But it’s pretty common nowadays to hear clients say that they never hear from their external audit firm and especially the partner until the audit starts. They also never get invited anymore to anything the firm puts on for clients.

    Duh! That money is spent on new clients, not those that are already in the bag. Once you sign the engagement letter, they know they’re probably not getting any more money out of you, since the amount has been sealed in blood by the Audit Committee. That’s why they quietly like the pork barrel provision of Auditing Standard 5, Rule 3525 – Audit Committee Pre-approval of Services Related to Internal Control, which allows the use of the external auditor for additional “internal control related services” to be pre-approved.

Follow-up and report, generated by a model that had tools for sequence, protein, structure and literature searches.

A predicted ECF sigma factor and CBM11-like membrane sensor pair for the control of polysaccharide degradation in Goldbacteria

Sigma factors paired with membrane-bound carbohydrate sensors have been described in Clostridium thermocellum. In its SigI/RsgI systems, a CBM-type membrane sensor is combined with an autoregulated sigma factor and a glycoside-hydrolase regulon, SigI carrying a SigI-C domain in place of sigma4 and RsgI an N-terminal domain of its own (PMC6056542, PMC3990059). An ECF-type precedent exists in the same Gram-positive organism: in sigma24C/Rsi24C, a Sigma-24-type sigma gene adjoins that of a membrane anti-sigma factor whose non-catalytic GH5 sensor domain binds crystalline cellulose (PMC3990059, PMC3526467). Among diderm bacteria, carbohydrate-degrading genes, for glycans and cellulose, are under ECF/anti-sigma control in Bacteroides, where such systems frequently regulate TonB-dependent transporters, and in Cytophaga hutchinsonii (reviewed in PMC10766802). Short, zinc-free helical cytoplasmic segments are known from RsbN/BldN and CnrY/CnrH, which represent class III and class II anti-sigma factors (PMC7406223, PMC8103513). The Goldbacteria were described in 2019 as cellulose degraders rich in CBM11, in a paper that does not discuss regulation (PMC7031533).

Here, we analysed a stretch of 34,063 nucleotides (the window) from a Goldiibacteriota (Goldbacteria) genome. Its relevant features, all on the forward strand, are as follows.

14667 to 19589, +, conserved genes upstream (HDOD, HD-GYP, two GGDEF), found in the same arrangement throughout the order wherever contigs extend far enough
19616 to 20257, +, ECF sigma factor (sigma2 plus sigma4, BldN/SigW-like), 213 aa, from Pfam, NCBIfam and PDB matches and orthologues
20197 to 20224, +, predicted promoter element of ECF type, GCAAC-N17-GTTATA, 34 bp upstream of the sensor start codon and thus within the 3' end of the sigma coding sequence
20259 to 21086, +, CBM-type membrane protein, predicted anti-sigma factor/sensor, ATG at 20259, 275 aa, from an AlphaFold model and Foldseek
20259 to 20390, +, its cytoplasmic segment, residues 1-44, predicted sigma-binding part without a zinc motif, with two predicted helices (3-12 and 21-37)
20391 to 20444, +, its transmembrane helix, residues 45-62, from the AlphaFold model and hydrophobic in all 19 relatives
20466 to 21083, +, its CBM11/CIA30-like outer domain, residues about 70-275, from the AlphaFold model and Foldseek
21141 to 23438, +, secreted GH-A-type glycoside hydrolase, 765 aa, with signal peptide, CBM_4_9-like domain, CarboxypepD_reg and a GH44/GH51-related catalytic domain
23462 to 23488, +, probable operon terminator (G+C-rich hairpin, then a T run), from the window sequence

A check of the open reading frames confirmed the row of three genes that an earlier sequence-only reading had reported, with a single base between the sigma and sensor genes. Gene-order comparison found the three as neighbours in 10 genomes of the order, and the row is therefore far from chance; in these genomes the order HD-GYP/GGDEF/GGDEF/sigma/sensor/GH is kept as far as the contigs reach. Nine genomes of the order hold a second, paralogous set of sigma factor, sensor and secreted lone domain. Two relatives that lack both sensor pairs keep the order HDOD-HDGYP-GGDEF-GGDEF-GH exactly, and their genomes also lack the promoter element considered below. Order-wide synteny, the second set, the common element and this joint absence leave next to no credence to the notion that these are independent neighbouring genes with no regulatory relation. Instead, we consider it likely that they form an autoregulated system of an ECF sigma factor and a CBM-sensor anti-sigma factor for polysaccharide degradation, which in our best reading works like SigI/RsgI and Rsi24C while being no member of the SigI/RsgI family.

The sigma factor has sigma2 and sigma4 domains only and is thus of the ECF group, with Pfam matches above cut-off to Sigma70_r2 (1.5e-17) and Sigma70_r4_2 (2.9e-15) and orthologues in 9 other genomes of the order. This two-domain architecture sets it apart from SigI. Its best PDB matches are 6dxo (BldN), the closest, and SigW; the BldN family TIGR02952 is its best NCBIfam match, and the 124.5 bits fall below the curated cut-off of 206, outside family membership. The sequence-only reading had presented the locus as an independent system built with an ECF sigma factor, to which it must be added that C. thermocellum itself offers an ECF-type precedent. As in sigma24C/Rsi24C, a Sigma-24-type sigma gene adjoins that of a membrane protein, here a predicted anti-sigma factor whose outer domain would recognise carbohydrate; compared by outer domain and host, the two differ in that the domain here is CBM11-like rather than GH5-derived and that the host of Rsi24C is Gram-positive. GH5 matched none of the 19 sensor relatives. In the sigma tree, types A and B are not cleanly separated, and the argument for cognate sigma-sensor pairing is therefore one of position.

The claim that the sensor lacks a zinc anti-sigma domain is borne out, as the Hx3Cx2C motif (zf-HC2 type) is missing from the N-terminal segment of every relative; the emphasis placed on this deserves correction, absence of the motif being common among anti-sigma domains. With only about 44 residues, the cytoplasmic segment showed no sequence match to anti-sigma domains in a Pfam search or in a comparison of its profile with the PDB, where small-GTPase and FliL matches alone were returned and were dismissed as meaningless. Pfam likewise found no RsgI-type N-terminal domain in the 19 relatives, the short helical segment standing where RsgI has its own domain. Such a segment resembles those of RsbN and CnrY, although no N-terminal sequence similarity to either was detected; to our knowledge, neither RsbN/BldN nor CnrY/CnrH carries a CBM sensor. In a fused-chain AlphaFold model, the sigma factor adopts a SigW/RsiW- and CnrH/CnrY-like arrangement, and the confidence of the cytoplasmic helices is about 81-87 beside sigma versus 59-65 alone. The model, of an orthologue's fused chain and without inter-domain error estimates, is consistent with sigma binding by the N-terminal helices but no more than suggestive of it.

Proposed Rule 3525 replaces direction currently contained in AS No. 2 regarding independence and internal control-related services. The PCAOB’s stated intention is to ensure that audit committees are provided information relevant for them to make an informed decision on how the performance of internal control-related services may affect auditor independence. But the new rule also allows audit committees to pre-approve the provision of internal control-related services by their independent auditor on an ad-hoc basis or approved “pursuant to committee-approved policies and procedures.” This means that if the Audit Committee says they “pre-approve” the CFO or others to engage the external auditor to provide these additional services in general, no one has to go back to the Audit Committee and get approval for specific contracts and their specific costs. I called this, “Repealing the AA/Enron Rule.” I also call it pure laziness, all the way around.